The experts say that people with a positive mental attitude stay healthier and recover faster from an illness compared to those without a positive mental attitude. I believe the same thing is true for dogs. This is a story about a special dog with a very positive mental attitude.
Lady was a ten year old Golden Retriever. She was adopted from a local Golden Retriever rescue group by Mr. and Mrs. Carson, a very nice retired couple. The Carsons brought Lady to me a couple of years ago on November 17. After talking briefly about Notre Dame Football, Mrs. Carson said: “Dr. Vince, Lady has been very lethargic and has hardly eaten anything for the past 3 days.”
Ordinarily when Lady would come to our animal hospital she would have a smile on her face and a tail which never stopped wagging. However, on this day, one week before Thanksgiving, Lady walked up to me with her head hanging low and no wag whatsoever to her tail. I knelt down next to Lady, pet her head and asked “What’s the matter Lady?” (yes, even though our patients never talk to us, most vets can’t stop talking to their patients as if they will one day answer us). I noticed that Lady was breathing harder than normal and acting very tired after the short walk from the car to the exam room. With my stethoscope, I tried to listen to Lady’s heart but it had a very muffled sound.
“Mr. and Mrs. Carson”, I said, “I’m worried that Lady might have some fluid either around her lungs or around her heart. We need to take her back and get an x-ray.”
“Do whatever you need to do”, said Mr. Carson, “we don’t want to lose her, especially a week before Thanksgiving.”
Lady is one of the most cooperative dogs I’ve ever met. We quickly took x-rays of her chest and abdomen as she laid perfectly still on the x-ray table. On an x-ray, fluid looks very gray or white and it makes it impossible to see the internal organs, including the heart. Lady’s x-rays were virtually solid white in color: fluid had accumulated around her lungs and around her internal organs. The next step was an ultrasound exam which showed that Lady had a small tumor on the right side of her heart and fluid around her heart, in the sac that covers the heart, called the pericardium. This fluid was preventing her heart from beating properly and that was causing fluid to accumulate throughout her body.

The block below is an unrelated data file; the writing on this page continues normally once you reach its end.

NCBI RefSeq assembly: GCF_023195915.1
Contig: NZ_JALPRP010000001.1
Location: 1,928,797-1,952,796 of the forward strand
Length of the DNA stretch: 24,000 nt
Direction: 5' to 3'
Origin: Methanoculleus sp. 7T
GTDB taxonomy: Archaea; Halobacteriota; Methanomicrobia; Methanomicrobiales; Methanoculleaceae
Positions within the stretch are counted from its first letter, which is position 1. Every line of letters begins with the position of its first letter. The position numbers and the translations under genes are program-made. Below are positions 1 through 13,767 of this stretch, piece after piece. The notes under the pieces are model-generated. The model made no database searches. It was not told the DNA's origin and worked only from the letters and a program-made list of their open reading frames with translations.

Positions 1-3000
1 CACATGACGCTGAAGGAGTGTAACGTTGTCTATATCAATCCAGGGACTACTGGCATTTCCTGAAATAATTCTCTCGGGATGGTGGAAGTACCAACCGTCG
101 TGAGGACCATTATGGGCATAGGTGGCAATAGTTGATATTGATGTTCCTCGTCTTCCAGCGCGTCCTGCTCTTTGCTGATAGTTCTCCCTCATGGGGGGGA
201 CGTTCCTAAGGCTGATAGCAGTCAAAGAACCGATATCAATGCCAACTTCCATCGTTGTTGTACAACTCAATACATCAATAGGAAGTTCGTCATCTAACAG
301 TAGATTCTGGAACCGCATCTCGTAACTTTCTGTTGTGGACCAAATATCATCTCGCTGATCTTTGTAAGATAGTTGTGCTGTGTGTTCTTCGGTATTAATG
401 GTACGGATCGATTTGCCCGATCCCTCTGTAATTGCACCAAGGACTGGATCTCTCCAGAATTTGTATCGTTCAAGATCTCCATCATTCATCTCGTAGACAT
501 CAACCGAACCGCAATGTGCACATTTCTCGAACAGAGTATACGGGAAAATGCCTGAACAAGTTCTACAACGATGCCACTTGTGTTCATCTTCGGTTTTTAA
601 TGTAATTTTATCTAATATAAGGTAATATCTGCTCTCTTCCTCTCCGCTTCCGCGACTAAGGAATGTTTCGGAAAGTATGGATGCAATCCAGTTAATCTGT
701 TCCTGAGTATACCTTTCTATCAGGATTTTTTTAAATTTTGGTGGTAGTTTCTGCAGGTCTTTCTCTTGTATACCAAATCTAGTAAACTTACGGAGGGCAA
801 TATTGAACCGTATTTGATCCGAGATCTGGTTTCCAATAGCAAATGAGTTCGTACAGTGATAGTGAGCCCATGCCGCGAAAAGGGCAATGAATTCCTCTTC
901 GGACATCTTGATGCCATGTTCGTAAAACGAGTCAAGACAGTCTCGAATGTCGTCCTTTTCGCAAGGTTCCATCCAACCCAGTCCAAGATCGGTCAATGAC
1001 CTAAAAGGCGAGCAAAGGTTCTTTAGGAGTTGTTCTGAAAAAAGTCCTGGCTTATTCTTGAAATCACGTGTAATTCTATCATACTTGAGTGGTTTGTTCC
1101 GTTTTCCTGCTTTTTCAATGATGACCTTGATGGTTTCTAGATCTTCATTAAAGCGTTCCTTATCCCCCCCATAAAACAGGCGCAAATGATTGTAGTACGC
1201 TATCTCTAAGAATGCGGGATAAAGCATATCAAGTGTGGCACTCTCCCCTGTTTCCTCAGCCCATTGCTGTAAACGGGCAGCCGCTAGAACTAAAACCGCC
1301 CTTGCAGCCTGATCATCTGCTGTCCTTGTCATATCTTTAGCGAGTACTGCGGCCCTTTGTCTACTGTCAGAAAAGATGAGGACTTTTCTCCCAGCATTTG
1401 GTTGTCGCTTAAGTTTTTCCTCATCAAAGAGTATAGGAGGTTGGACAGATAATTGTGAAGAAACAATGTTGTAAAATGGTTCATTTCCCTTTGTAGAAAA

“I’m afraid I have terrible news”, I told the Carsons, “Lady has a tumor on her heart and it’s inoperable. It is causing the fluid around the heart. The only thing we can do is try to remove the fluid around her heart so her heart can beat better.”
“Do whatever you can do”, said Mr. Carson once again, “we don’t want to lose her, especially a week before Thanksgiving.”
Using ultrasound as a guide, I inserted a needle into the fluid filled sac around the heart, carefully trying to avoid hitting the heart itself. After five or six minutes, I was able to remove about 6 ounces of fluid. After removing the needle, Lady sat up and her tail started wagging.
I told the Carsons to take Lady home and spoil her because I did not know if the fluid would return quickly and how much time she had.
“Do you think she’ll make it through Thanksgiving?”, Mr. Carson asked me.
“It’s possible”, I said, “but unfortunately the odds are against her.”
Six days later, the day before Thanksgiving, the Carsons returned with Lady.
“She had a very good week”, said Mrs. Carson, “but about two hours ago her tail stopped wagging and she became very lethargic.”
Lady was unable to walk. My technician, Michelle, and I carried Lady from the car back to our ultrasound room. Just as we laid her down, she made a wheezing sound and stopped breathing. I felt for her pulse, listened to her heart with my stethoscope, but heard nothing. I knew her time had come.
I turned to the Carsons and said “I’m sorry, but she’s gone….” Just as I finished my sentence, all of us were shocked by a loud gasp, and saw Lady move her head slowly and slightly from side to side.
“Give me a needle, Michelle”, I shouted, as I placed the ultrasound probe on Lady’s chest. Her heart, surrounded by fluid, was slowly trying to beat. I thread the needle through the sac around her heart and into the fluid, and started pulling on the plunger of the syringe to remove the fluid preventing her heart from beating. Seven minutes later, Lady was walking around the hospital, wagging her tail, asking everyone to pet her. I stood amazed.
Lady enjoyed Thanksgiving the next day. And so did the Carsons. We had to remove fluid from around her heart twice during the month of December. At home, Lady was happy as could be, and enjoyed the extra attention from the Carsons, their family and friends. We rechecked her on December 24th just to see if we needed to remove fluid to avoid her having a problem on Christmas. To my amazement, there was very little fluid present, but I could tell that the tumor was getting slowly larger.
Lady lived three more months, until the middle of March. To the end, she remained one of the happiest dogs I’ve ever known. Her constant tail wagging was the best indicator of her positive mental attitude and I believe that is what gave her the ability to live happily through Thanksgiving and Christmas.